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OPEC and partners face steep challenge to reach oil cut deal

AFP  |  Vienna 

will meet with 10 partner countries, including Russia, on Friday to try to thrash out an agreement on production cuts, a day after the group's members failed to reach a deal.

The cartel had been expected to sign off on cuts to stem a plunge in prices at a meeting on Thursday, but it broke up without an accord.

"No, I am not confident" about the chances of a deal, Saudi told reporters after a long day of negotiations at in

However, and its non-cartel members -- who account for around half of global output -- agree on one thing: a glut on the market has led to falling by more than 30 per cent in the space of two months.

However, the major players among the all have their own reasons to look to others to act.

For Russia, which leads the non-member countries in the so-called OPEC+ alliance, "it's much more difficult to cut than for other countries, because of our climatic conditions," Russian Minister said on Thursday in Saint Petersburg.

Saudi Arabia, meanwhile, has to bear in mind pressure from the US, after demanded in a tweet on Wednesday that not boost prices.

In addition, the kingdom's diplomatic position has been weakened by the furore over the killing of

Though al-Falih insisted that "we don't need permission from anyone to cut" production, the figure of a million barrels put forward by was lower than the reduction expected by the markets.

Iran, Saudi Arabia's geopolitical rival and OPEC's third-largest producer, suggested it was in favour of deeper cuts -- while asking to be exempted from them because of the effects of US sanctions targeting its

The thorny question of exemptions, which will also be sought by and according to the agency, could be crucial for Friday's talks.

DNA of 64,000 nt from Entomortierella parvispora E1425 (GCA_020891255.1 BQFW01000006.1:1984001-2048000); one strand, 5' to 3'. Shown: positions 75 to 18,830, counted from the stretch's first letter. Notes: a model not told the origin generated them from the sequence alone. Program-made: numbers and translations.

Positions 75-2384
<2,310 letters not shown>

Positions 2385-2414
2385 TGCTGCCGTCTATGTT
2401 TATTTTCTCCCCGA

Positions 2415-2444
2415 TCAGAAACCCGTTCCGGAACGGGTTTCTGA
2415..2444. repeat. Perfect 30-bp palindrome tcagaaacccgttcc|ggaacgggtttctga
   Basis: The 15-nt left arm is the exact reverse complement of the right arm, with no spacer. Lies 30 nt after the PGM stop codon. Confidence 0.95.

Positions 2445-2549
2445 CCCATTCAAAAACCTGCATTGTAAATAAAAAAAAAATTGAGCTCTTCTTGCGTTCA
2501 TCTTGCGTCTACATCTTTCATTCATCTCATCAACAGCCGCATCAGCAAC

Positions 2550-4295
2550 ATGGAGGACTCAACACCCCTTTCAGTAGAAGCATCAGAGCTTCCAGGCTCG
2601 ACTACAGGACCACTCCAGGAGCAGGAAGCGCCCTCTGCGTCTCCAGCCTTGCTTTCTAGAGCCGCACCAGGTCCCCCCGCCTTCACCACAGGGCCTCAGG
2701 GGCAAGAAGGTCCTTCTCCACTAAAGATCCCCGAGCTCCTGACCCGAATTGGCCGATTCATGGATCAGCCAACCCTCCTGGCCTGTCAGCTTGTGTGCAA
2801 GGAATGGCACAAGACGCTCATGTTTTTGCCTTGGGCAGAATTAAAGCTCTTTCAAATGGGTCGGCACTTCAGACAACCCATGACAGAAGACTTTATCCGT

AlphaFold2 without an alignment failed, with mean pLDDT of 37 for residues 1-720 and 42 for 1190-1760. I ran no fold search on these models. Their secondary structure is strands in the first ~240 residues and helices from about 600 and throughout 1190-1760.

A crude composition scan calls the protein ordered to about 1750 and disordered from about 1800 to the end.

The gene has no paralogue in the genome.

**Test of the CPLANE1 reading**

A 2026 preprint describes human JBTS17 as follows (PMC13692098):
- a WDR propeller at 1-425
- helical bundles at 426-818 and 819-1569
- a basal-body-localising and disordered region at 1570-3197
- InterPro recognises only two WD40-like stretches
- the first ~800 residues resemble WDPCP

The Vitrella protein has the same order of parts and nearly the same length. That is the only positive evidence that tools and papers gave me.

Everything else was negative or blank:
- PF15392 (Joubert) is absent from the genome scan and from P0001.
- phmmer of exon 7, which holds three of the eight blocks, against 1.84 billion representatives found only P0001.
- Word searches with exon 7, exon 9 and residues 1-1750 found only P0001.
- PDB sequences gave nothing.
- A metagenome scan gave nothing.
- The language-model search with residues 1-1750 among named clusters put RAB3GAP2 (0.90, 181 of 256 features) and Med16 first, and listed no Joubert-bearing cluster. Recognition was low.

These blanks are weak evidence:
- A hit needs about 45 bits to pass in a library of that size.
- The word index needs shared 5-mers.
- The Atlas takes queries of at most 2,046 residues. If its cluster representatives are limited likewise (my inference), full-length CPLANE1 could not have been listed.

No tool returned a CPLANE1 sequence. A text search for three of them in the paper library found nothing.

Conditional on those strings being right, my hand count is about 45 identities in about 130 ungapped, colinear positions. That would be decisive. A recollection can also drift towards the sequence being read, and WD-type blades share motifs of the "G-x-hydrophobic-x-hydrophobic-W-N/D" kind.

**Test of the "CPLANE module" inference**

The amount and the timetable of any cuts imposed by will also be a key sticking point.

Iraqi said he was still "hopeful" an agreement could be reached during talks on Friday.

However, markets displayed doubts with fresh falls in sparking a sell-off of stocks by investors.

The price of a barrel of Brent, the European benchmark, sank below the symbolic USD 60 mark because the reduction of around one million barrels floated by was below what markets had been expecting.

Analysts say that the details of any agreement will be key in determining what happens next to prices.

"If it's one million (barrels) excluding Iran, then it's in fact 1.2, 1.3, which should be supportive of price," Abhishek Deshpande, an at JP Morgan, told AFP.

This would be because the markets would price in the drop in Iran's production expected due to sanctions.

"But if (the agreement) is including Iran, that's not enough," Deshpande added.

In June, OPEC and its partners agreed to allow for a boost in production by and to compensate for the expected losses in production from after the US dramatically withdrew from the nuclear deal in May and vowed to re-impose sanctions.

However, the US then granted temporary waivers to eight allies to allow them to carry on importing Iranian oil, contributing to a plunge in which wiped out the gains seen since early 2017.

(This story has not been edited by Business Standard staff and is auto-generated from a syndicated feed.)

First Published: Fri, December 07 2018. 09:50 IST